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Family of four needs income of $62,000 to live in Montreal, study finds

One in five children in Canada live in poverty, a higher rate than in 1989. File photo

A family of four living on the island of Montreal requires a household income of just under $62,000 to sustain a viable livelihood, according to a study released Wednesday by the Institut de Recherche et d’Informations Socioéconomiques (IRIS).

The authors of the study calculated that to live with dignity in Quebec, a single person in 2021 needs an annual income ranging between $24,433 and $32,607, depending on the location where they live.

The study defines viable income as the sum available after-tax that allows people to live in dignity outside poverty and with an ability to cope with unforeseen circumstances.

The viable income was calculated for three types of households in seven Quebec municipalities to reflect their different realities.

For a single-parent household with a child attending a childcare centre (CPE), the viable income varies from $36,121 in Trois-Rivières to $44,631 in Sept-Îles. It was set at $39,387 in Quebec and $39,999 in Montreal.

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Read more: No place to go or hide: A deeper look into how vulnerable Montreal women are trying to survive

For a household of two adults and two children attending a childcare centre, viable income ranged from $58,514 in Trois-Rivières to $68,387 in Sept-Îles. It is $61,046 in Quebec and $61,884 in Montreal.

For a single person living in Montreal, the viable income is equivalent to nearly 1.3 times the threshold of the Market Basket Measure (MBM), according to IRIS researcher Philippe Hurteau. MBM is a calculation based on the cost of a specific basket of goods and services representing a modest, basic standard of living. It includes the cost of food, clothing, shelter, transportation, and other items for a typical family and assumes a minimum full-time hourly wage of $18.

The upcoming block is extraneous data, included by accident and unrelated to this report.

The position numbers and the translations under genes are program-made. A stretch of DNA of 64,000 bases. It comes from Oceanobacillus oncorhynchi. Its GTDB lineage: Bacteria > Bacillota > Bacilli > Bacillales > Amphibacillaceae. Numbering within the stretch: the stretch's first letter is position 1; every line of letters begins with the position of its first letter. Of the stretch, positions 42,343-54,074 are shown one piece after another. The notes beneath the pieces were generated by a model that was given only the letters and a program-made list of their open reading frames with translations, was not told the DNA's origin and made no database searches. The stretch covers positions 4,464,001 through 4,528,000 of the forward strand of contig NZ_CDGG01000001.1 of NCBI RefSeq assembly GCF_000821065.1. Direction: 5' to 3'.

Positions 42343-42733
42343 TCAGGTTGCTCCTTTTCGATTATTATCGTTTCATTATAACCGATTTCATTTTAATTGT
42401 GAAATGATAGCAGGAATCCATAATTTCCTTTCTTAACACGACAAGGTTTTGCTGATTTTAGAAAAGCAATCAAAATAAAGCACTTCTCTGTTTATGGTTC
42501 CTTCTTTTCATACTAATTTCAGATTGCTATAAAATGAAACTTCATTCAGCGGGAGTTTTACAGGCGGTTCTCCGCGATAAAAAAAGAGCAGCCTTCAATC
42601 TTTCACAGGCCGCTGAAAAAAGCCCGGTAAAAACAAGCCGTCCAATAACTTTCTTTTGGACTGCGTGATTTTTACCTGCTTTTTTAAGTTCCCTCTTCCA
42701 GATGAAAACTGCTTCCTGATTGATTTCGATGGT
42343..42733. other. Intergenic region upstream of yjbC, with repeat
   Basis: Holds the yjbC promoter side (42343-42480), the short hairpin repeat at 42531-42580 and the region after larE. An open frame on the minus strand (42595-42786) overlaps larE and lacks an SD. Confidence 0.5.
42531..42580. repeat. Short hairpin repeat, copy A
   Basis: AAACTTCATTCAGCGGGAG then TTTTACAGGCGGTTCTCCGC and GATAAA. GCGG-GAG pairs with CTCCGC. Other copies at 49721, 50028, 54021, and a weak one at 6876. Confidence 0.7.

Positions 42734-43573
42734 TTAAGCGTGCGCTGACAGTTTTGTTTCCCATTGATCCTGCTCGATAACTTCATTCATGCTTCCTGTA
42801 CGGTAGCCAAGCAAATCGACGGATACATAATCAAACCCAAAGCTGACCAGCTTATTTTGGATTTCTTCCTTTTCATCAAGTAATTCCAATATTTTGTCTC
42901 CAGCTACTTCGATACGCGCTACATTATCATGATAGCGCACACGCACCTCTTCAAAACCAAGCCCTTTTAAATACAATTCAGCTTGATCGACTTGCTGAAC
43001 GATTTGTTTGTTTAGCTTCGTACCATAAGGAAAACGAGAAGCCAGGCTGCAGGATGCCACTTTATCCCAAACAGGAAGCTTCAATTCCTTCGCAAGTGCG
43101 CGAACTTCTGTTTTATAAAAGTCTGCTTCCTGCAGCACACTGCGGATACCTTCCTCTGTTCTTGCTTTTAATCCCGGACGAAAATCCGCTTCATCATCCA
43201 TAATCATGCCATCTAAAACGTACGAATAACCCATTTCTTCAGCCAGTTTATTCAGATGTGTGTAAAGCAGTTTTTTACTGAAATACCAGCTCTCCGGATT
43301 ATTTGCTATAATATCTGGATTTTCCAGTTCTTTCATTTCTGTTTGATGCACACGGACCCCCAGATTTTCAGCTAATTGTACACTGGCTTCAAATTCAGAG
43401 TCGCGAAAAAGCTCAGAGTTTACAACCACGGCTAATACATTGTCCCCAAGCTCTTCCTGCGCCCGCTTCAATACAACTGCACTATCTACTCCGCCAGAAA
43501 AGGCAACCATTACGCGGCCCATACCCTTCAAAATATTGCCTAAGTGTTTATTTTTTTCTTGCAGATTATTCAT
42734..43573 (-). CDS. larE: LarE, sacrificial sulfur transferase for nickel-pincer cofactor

The IRIS study reports that people 65 years of age and older who have access only to a guaranteed minimum income, people on social assistance, and people who work full time at minimum wage, all fall below the viable income threshold.

Just having a job is not always enough to get out of poverty, as the economy has created a category of working poor, Hurteau said.

In calculating viable income, the researchers noted the importance of affordable public transport services tailored to meet the needs of those looking to reduce household spending. The lack of adequate public transit forces households to purchase a car, which raises the minimum amount of needed household income by $ 6,000 or more, according to the study.

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IRIS has also found that people receiving social assistance are a long way from achieving a viable income level. They live with less than half of the basic needs as outlined by the MBM.

The study faults the Quebec government for the discrepancy, noting a commitment made in 2017 to provide those on social assistance with disposable income corresponding to 55.1 per cent of the MBM.

— with files from Global News’ Travis Todd

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